Talent — finding it, attracting it, acquiring it, and retaining it — is commonly cited as a top concern by healthcare executives. As the U.S. unemployment rate continues to fall, the availability of skilled healthcare workers remains limited, and competition for universally relevant skills (e.g., data analytics) is stiff.
In their search for answers, healthcare organizations overlook the one factor completely within their control and already proven to deliver talent and business performance: culture.
A new survey shows that workplace culture has a significant impact on employee commitment, job performance and their organization’s success. The survey insights are especially important given that U.S. labor statistics show a record “tightness” in the healthcare jobs market that impacts both employees and employers.
In the healthcare industry, it’s been a job seeker’s market for years, and executives are rightly deeply concerned about retaining employees. Losing top talent leads to financial losses and declining employee morale. According to the Society for Human Resources Management, it costs up to 60 percent of employees’ annual salary to replace them if they leave and high turnover rates both lowers efficiency and productivity as well as negatively impacting morale—which drives more turnover.
The result of employee disenchantment is especially acute in healthcare where the connection to mission is strong and the employee-to-consumer connection is human-centered. In this setting, employee morale – so closely tied to workplace culture – has a decided impact on a company’s bottom line. According to a Great Place to Work report, companies with great cultures have three times better stock market performance than those that do not.
Our survey on the state of organizational culture in the American workplace, from the worker perspective, shows that employees recognize the tangible impact of workplace culture and a sizable majority (63 percent) say it directly impacts their organization’s success.
So what can healthcare companies do to get the morale of their “work family” in order for both the benefit of their people and their business?
Our survey results show that five elements of culture matter most:
Organizational core values are not rules, but rather, set the foundation for behaviors across an organization. For core values to truly express the organizational DNA, they must be embraced and embodied by everyone. Many employees do not even know if their organization has core values, possibly because values are often not infused into the environment. Disconnects between what individuals value and what organizations value provide fuel for cultural mismatches, which can create organization-wide collateral damage.
Employees take their cue from leadership when it comes to culture and core values. Leaders are – or should be – visible champions of workplace culture, setting the tone, modeling the behaviors and encouraging engagement. Our survey signals a trust gap between employees and the C-suite—a red flag for culture. Yet a full 70 percent of respondents say they trust their direct supervisor, possibly because they typically know them well. Regardless of the size of a company, lack of trust in the people who embody the culture can become a lack of trust in the culture and organization itself.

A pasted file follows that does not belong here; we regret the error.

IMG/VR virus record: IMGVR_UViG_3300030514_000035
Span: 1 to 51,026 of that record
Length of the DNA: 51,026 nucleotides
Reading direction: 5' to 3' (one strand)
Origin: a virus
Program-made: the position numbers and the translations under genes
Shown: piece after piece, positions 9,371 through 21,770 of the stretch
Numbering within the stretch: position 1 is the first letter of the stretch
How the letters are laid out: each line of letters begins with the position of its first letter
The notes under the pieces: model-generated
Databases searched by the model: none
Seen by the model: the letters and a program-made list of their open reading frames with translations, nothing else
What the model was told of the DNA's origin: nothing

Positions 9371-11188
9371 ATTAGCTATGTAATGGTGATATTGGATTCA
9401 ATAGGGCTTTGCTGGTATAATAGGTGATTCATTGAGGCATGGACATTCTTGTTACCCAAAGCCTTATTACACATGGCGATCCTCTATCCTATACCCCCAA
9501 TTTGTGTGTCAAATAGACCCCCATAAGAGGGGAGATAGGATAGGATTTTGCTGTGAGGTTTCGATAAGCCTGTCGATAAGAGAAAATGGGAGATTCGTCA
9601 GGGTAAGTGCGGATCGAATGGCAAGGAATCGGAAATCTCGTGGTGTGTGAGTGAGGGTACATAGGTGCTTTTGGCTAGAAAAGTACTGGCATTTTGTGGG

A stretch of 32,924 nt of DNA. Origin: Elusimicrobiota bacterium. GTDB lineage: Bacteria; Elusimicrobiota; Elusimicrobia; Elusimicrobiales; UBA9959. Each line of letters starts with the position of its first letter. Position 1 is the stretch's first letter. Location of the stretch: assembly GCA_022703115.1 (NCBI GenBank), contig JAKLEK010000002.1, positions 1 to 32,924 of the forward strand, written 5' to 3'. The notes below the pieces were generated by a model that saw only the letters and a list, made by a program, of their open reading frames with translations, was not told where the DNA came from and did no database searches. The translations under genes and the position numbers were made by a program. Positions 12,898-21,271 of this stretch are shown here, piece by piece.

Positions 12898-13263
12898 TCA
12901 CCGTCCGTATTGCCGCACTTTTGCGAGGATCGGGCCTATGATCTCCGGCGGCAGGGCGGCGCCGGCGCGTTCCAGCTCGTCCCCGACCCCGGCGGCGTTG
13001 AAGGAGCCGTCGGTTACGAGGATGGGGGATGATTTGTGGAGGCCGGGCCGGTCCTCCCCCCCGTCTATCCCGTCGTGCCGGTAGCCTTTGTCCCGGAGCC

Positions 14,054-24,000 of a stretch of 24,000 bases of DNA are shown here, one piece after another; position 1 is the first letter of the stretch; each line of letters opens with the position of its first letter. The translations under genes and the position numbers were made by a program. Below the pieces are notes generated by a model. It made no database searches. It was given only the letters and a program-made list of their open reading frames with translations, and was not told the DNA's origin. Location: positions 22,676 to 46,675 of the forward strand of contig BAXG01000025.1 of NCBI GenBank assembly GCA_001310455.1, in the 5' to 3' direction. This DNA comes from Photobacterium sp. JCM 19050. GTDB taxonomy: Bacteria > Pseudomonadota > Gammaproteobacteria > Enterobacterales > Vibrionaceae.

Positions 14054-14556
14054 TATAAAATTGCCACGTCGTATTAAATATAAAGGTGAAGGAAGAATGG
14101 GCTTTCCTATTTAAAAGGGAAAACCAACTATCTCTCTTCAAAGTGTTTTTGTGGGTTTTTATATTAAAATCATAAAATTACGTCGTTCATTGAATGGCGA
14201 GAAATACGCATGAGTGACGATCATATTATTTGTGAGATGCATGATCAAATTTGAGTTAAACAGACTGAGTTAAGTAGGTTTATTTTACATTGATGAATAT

If core values and leadership are the enablers of workplace culture, relationships are the experience of it. Group dynamic means everything and fortunately nearly three-quarters of our survey respondents say they trust their colleagues. Respondents most commonly pointed to teamwork and collaboration, followed by respect and trust, and excellence and quality as the most active parts of their organizational culture. With peer relationships being such valuable cultural currency, it makes good business sense to put structures in place to make them even stronger.
Authenticity — or how people feel in their own skin at work as a result of the workplace culture – is more of an internal barometer of culture. Respondents’ views of authenticity are overwhelmingly positive, with 79 percent saying they feel comfortable being themselves at work. But only one in four strongly agrees that how their organization advertises itself reflects their experience. It could be that leadership is out of touch with what makes the workplace great, or decision-makers could be projecting a specific image to differentiate the organization from competitors or to compensate for aspects of the culture they view as weaknesses.
This is the end game of a strong workplace culture, at least from the employee perspective. It is a good measure of people’s overall view of their experience at work, in terms of their happiness, engagement and commitment. The employees we surveyed are largely satisfied at work, with 58 percent saying they would stay at their organization even if offered a similar position elsewhere. However, when employees report being happy at work, that number jumps to 72 percent. In contrast, only 11 percent of those who say they are not happy would stay in the same situation.
Investing in workplace culture makes sound business sense in the healthcare industry. To gain lasting return on investment (ROI) in culture, organizations must not only maintain a pulse on it, and also course correct regularly. By assessing and measuring culture within the context of this five pillar framework, healthcare organizations can consider critical questions to prioritize their culture investments, and get the actionable insights they need to move the needle on culture—and on their future success.